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In spite of the immediately obvious drop in graphical fidelity, Driveclub VR has a great sense of immersion that can only be achieved with VR, and the PlayStation VR headset produces an experience that I don’t think I’ve ever had from a racing game before. An impressive swansong for a game that never had it easy, DriveClub VR is well worth picking up if you’re grabbing a headset in the coming weeks.
DriveClub VR has lost the stunning visuals of the original game, but it remains a brilliant racer to play. The immersion offered by VR is superb, making this an essential launch title.
Driveclub VR is an outstanding showcase for PlayStation VR. As the lone racing game available for it, it stands atop a short mountain — but its core foundation being so well-crafted bodes well for it working as a showpiece for quite some time. Anyone who loved the original game should check it out, while those who always wondered what was so good about it will find out in the best way possible by experiencing it in VR.
There is no doubt in my mind that racing games can be one of the genres to benefit the most from virtual reality. Driveclub VR has shown me that racing will never be the same again unless I actually feel like I’m in that car. It nails that sense of immersion for sure. It has it’s issues especially in the graphics department but if you can look past that you’ll experience a racing game unlike any other.
Driveclub VR isn’t pretty, but it’s still some of the best racing found on PlayStation 4. I’ve never found drifting around corners to be this satisfying, and having to actually look at my mirrors helped fool me into thinking I was actually behind the wheel. If this is the end for Driveclub, it at least gets to leave on a high note.
If you’re willing to overlook some blurry visuals and get down to the serious business of racing you’ll find that there’s still a lot to love here and, for a launch title, it’s an impressive first outing for racing games on PSVR.
Despite some rough edges that mar the experience, Driveclub VR is a great racing title that justifies getting back into the seat of a Koenigsegg Agera R as long as you don't mind being motion sick every now and then.
Though a sizeable visual step down from the regular version of the game, DriveClub VR remains a worthy offering. Boasting tons of content, great handling and some cleverly implemented VR immersion, it’s a worthwhile buy for PSVR owners looking for a decent racing game to showcase their latest purchase.
Yes, the visuals have taken a hell of a beating to get DriveClub VR running on PlayStation VR, but even without the game's trademark obsessive attention to detail, DriveClub VR provides a hell of a lot of fun. Just, er, make sure you've got a bucket parked next to you. You know, just in case.
Driveclub VR has its shortcomings and doesn’t quite match up to the high bar that the original game now sets, but even then, it’s an outstanding racer, especially if you have a racing wheel. Driveclub VR is an essential purchase for racing fans on PSVR.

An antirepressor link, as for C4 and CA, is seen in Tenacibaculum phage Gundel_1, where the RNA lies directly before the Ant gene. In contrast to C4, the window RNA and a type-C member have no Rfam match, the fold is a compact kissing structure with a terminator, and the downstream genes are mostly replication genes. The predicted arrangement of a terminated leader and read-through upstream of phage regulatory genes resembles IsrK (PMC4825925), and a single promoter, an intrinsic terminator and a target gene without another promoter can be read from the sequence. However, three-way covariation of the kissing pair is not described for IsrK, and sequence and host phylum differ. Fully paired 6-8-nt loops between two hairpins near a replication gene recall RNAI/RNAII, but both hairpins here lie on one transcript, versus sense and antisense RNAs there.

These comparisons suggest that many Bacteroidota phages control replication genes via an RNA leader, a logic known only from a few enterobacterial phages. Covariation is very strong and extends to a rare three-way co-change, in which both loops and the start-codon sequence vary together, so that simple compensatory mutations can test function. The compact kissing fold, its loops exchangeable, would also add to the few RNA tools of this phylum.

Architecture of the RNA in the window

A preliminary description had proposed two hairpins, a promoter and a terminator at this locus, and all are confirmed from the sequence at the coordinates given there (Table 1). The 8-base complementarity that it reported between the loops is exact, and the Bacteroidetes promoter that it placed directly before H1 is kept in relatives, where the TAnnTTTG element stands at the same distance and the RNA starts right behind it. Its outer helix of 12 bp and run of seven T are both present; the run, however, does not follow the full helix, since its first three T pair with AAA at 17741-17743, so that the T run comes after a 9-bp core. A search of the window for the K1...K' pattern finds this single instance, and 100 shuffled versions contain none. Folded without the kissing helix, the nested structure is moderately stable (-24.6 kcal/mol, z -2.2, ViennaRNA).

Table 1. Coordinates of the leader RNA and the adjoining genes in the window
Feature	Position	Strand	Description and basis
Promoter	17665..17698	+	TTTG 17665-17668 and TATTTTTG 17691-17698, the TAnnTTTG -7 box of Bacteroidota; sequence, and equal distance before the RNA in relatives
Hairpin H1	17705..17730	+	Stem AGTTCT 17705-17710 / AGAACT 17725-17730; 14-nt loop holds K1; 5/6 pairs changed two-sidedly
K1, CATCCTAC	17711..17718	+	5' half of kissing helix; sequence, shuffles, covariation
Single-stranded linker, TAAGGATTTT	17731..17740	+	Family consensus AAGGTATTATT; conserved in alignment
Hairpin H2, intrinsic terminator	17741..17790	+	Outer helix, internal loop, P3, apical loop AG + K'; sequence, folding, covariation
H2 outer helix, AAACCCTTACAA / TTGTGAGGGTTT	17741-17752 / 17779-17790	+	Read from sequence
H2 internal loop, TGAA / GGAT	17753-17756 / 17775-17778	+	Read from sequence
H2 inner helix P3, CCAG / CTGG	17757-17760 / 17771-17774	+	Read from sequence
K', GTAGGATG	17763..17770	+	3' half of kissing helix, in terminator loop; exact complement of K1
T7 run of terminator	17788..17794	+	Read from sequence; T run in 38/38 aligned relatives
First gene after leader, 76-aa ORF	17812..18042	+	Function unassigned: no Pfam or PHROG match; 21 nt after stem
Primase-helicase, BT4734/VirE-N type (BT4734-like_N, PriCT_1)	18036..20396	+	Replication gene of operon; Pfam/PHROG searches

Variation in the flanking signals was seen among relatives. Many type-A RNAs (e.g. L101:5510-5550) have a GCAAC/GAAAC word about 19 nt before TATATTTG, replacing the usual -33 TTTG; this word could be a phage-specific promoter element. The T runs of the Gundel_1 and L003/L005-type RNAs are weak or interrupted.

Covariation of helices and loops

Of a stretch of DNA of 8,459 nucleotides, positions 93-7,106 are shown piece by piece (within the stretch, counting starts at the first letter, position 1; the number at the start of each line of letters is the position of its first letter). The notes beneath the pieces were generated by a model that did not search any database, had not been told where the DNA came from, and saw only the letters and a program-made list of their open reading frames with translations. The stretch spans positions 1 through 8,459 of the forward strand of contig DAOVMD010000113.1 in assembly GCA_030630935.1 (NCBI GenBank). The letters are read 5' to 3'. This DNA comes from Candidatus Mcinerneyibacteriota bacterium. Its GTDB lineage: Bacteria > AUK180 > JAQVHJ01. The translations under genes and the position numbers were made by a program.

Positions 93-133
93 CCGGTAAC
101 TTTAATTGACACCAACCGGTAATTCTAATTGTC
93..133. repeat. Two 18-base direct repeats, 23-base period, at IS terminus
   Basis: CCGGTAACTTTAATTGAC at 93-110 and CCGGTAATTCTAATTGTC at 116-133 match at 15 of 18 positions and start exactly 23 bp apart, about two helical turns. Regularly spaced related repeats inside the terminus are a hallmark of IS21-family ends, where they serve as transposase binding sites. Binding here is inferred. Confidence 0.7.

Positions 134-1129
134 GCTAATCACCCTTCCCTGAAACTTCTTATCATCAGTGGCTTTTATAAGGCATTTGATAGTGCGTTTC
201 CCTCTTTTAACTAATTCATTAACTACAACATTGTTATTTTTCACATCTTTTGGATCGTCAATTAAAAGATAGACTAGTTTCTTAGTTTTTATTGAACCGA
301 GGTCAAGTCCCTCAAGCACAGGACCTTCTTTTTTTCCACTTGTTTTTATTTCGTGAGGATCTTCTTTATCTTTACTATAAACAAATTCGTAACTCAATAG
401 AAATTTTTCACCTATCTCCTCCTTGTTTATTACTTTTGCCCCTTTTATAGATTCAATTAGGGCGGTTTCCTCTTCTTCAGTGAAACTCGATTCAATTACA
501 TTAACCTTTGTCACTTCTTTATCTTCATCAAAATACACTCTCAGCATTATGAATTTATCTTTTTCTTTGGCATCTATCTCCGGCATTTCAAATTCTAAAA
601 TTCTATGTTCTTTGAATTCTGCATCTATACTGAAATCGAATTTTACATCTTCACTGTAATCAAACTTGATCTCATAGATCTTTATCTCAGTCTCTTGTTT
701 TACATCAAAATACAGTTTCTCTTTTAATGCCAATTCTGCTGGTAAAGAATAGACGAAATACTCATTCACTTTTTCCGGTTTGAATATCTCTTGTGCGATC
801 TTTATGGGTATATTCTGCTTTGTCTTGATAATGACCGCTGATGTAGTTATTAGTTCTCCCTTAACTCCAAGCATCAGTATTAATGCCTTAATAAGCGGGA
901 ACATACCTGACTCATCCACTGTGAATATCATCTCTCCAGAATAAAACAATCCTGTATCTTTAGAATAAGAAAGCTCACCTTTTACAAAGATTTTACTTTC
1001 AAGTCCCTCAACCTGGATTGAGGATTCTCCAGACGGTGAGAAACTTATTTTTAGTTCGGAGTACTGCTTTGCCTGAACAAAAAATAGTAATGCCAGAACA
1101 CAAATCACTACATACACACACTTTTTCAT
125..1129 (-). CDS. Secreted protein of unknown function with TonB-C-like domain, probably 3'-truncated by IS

Those who have previously played Driveclub will no doubt get a kick out of trying Driveclub VR with its host of new tracks, but it’s unlikely to wow them as it feels just too familiar and too visually inferior to impress.
Virtual reality racing has an enormous amount of potential. Racing games are often visual delights however, so what Driveclub VR lacks in this department is notable despite the sense of presence that makes it so fresh.
When I heard about DriveClub VR, I was really expecting the same PS4 experience as the previous title, however I was sadly mistaken. Sure, it has very similar parallels, especially with the amount of content but it’s all about the illusion and due to the reduced graphical capabilities of this game, particularly if you’ve played the previous game, it’s a little disheartening. Nonetheless, the gameplay is sturdy and the VR aspect works but it missed reaching the next level which would have been amazing.
DriveClub VR has all of the features and functionality of its PS4 forebear, so you're guaranteed quality handling and plenty of content here. But the compromises made to get the virtual reality working strip the racer of its visual prowess, and its poor image quality can make it hard to see. There's no shortage of effort been invested here, but we can't help but wonder whether the rewards were worth all of the evident exertion.
While the game may not be anything near the visual showcase that the original game was for the PS4 itself, Driveclub VR is one game that gives a glimpse at the potential of VR racing and needs to at least be tried by any PSVR owner.
Racing in VR is a thrill, but playing Driveclub again isn’t, which makes Driveclub VR a pretty unenticing offer despite the game housing more content than other VR titles so far.
Driveclub VR retrieves many of the contents included in the "classic" edition, but it would have needed a more careful optimization process, aimed primarily to "restructure" circuits and layouts and to lighten the rendering job. The new development team, instead, cut features and reduced visual enhancements. The result is a "scrambled" and ugly look.
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Driveclub VR is Sony’s VR racing welcome wagon and, in small doses, I think it does its job of demonstrating the potential of VR racing. The racing genre is perfect for seated VR, and Driveclub VR delivers a functional example of that experience. Unfortunately, that’s really about all it delivers. Beyond that it’s just a pre-existing game with fewer features and graphics that make me feel like I have the vision of a 95-year-old man.